Does anyone know (because on Microsoft forums nobody answered me), how I can find what application has which automaticDestinations-ms file in %appdata%\microsoft\windows\recent\automaticdestinations?

That's the folder where Windows 7 stores its jump lists, and I want to know how to automatically/programmatically find the relation between each file and an application.

At least, even manually, I didn't find any pattern, just by looking at the extensions of the files, because some programs open files with the same extension (like images), so this method it's not OK for all programs.

Do you have any other idea? Maybe knowing the format of those files?


6 Answers 6


Clear and Manage Windows 7 Jump Lists

To find application associations, open the *.automaticdestinations-ms files in Notepad. You can find file paths to items in the application jump list and figure out which app/jump list the *.automaticdestinations-ms file is associated with.

Note that opening the files in Notepad, that there are (something like) spaces between characters. For example, foo.exe is "f o o . e x e"

Windows 7 Jump Lists are stored in the paths listed in the following short list of filenames that are associated with specific applications:

PATH: %AppData%\Microsoft\Windows\Recent\AutomaticDestinations

28c8b86deab549a1.automaticDestinations-ms = IE8 Pinned and Recent a7bd71699cd38d1c.automaticDestinations-ms = Word 2010 Pinned and Recent adecfb853d77462a.automaticDestinations-ms = Word 2007 Pinned and Recent a8c43ef36da523b1.automaticDestinations-ms = Word 2003 Pinned and Recent 1b4dd67f29cb1962.automaticDestinations-ms = Windows Explorer Pinned and Recent 918e0ecb43d17e23.automaticDestinations-ms = Notepad Pinned and Recent d7528034b5bd6f28.automaticDestinations-ms = Windows Live Mail Pinned and Recent c7a4093872176c74.automaticDestinations-ms = Paint Shop Pro Pinned and Recent b91050d8b077a4e8.automaticDestinations-ms = Media Center f5ac5390b9115fdb.automaticDestinations-ms = PowerPoint 2007 23646679aaccfae0.automaticDestinations-ms = Adobe Reader 9 aff2ffdd0862ff5c.automaticDestinations-ms = Visual Studio 2012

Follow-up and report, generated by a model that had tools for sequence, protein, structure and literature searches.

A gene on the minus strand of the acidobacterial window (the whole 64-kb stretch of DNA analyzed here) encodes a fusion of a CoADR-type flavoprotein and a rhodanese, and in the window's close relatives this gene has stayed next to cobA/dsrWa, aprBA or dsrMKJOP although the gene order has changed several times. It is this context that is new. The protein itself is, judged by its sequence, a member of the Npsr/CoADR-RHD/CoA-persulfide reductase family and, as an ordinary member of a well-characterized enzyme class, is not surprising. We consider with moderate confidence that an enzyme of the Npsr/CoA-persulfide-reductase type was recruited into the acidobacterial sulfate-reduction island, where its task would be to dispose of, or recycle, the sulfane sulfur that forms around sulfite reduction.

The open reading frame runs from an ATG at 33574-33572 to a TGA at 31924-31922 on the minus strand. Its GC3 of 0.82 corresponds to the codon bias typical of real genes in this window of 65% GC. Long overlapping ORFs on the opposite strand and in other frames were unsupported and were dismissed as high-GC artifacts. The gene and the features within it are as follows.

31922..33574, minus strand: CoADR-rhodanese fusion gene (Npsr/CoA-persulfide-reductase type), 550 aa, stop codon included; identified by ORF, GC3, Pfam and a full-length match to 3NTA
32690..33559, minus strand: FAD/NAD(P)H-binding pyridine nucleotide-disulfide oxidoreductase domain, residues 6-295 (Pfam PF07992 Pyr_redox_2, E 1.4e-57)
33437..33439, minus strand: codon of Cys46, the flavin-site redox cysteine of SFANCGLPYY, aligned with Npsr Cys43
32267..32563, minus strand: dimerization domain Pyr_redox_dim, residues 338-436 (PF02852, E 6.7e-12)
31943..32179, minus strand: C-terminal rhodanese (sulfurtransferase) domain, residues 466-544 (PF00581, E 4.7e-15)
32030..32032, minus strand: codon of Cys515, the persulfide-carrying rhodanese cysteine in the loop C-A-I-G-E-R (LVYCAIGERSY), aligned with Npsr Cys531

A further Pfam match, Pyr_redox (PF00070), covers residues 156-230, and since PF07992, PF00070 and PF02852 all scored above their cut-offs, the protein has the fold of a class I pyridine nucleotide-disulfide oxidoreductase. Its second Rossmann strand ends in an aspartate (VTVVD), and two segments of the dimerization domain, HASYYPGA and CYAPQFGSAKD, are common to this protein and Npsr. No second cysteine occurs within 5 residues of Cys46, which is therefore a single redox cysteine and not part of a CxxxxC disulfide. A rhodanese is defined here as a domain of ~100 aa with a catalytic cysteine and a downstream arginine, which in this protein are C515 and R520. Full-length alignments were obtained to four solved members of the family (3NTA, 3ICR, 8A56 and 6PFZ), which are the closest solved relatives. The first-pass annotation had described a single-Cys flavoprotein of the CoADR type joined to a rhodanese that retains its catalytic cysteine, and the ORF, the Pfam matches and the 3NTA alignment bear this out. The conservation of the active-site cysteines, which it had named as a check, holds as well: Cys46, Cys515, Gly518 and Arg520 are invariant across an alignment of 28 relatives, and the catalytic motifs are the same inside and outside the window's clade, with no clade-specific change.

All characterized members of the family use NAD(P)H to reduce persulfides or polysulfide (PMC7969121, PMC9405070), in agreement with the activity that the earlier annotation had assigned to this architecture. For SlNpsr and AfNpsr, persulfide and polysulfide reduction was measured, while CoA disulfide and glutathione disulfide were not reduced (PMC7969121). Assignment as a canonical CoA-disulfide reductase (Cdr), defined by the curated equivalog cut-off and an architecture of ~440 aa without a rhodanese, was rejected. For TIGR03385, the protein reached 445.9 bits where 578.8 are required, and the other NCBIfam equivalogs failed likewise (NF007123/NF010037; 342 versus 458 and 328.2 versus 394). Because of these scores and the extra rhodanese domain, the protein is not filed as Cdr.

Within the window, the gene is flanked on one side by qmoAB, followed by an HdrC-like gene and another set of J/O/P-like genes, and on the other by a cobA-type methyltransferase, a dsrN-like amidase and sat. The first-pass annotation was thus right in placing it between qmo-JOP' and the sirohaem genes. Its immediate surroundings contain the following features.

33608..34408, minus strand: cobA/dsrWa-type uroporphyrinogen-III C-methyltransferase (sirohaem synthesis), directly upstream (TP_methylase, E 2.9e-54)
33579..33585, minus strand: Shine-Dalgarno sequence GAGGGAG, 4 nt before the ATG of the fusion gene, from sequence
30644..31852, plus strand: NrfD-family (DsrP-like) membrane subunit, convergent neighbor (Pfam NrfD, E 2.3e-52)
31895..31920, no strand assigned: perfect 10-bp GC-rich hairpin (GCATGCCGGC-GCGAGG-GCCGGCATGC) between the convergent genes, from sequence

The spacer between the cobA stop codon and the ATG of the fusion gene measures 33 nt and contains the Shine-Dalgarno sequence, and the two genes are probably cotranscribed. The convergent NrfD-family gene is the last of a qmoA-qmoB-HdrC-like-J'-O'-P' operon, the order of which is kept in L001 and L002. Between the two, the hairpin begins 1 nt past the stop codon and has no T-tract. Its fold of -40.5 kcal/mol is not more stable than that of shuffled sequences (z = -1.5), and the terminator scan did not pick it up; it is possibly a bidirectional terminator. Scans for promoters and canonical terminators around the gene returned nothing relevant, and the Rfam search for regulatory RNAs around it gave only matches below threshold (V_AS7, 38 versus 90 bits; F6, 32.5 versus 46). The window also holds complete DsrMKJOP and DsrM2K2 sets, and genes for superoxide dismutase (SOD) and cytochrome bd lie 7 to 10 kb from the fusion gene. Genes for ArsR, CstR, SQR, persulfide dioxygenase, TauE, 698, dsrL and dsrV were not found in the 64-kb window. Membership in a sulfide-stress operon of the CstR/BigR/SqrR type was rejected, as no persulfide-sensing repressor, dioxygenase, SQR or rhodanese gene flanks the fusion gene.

PATH: %AppData%\Microsoft\Windows\Recent\CustomDestinations

28c8b86deab549a1.customDestinations-ms = IE8 Frequent & Tasks

The post where I found this list was here.

(Most of that discussion is not very helpful. It was started in June 2009. I pulled this list out from Microsoft MVP, Ronnie Vernon's replies later in the thread – Scroll down to March 10, 2010.)

faef7def55a1d4b.automaticDestinations-ms = VLC Media Player

You can prevent Windows from keeping it's "Recent" file list by deleting the "automaticDestinations-ms" file for the application then creating a directory with that same name. To do this from the Command Line: mkdir faef7def55a1d4b.automaticDestinations-ms

Apps will generally recreate a settings or configuration file that's been manually deleted. Most will also delete and recreate a settings/config file that's been corrupted. Using "mkdir" generally prevents this. The function used to delete a directory is different than the function used to delete a file. Windows won't allow the app to open, write or delete the directory as if it was a file. I have yet to see an app that will figure out that there is a directory with the same name as it's config file then delete the dir and recreate the config file.

This same trick works in a lot of other situations.


here are a few more files and their association with Office applications: fb3b0dbfee58fac8.automaticDestinations-ms = Word 2013 (and Office 365) Pinned and Recent 9839aec31243a928.automaticDestinations-ms = Excel 2013 (and Office 365) Pinned and Recent 9839aec31243a928.automaticDestinations-ms = Excel 2013 Pinned and Recent d00655d2aa12ff6d.automaticDestinations-ms = Powerpoint 2013Office 365 Pinned and Recent 9c7cc110ff56d1bd.automaticDestinations-ms = Powerpoint 2010 Pinned and Recent

This is rather useful when after an upgrade to a new Office version you want to restore the old pinned and recent items: you only need to rename the old version's file to the new file name.


Old question and I know Windows 7 is no longer supported, but another way to find out what app relates to which jump file is to open the AutomaticDestinations folder, make a change to one of the lists (pin something for example), and look for the jump file that changes its timestamp.


I lost my Excel recent/pinned list. To find AutomaticDestinations, I searched %APPDATA%\Microsoft\Windows for “AutomaticDestinations-ms”. This got me to a list and I right clicked, Open File Location Then found the file for Excel (9839aec31243a928.automaticDestinations-ms), right clicked, Previous versions, picked one and did Restore. It worked.


You can read more info about it at https://forensics.wiki/jump_lists/ and the Full List at https://forensics.wiki/list_of_jump_list_ids/

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    Commented Oct 15, 2013 at 11:32

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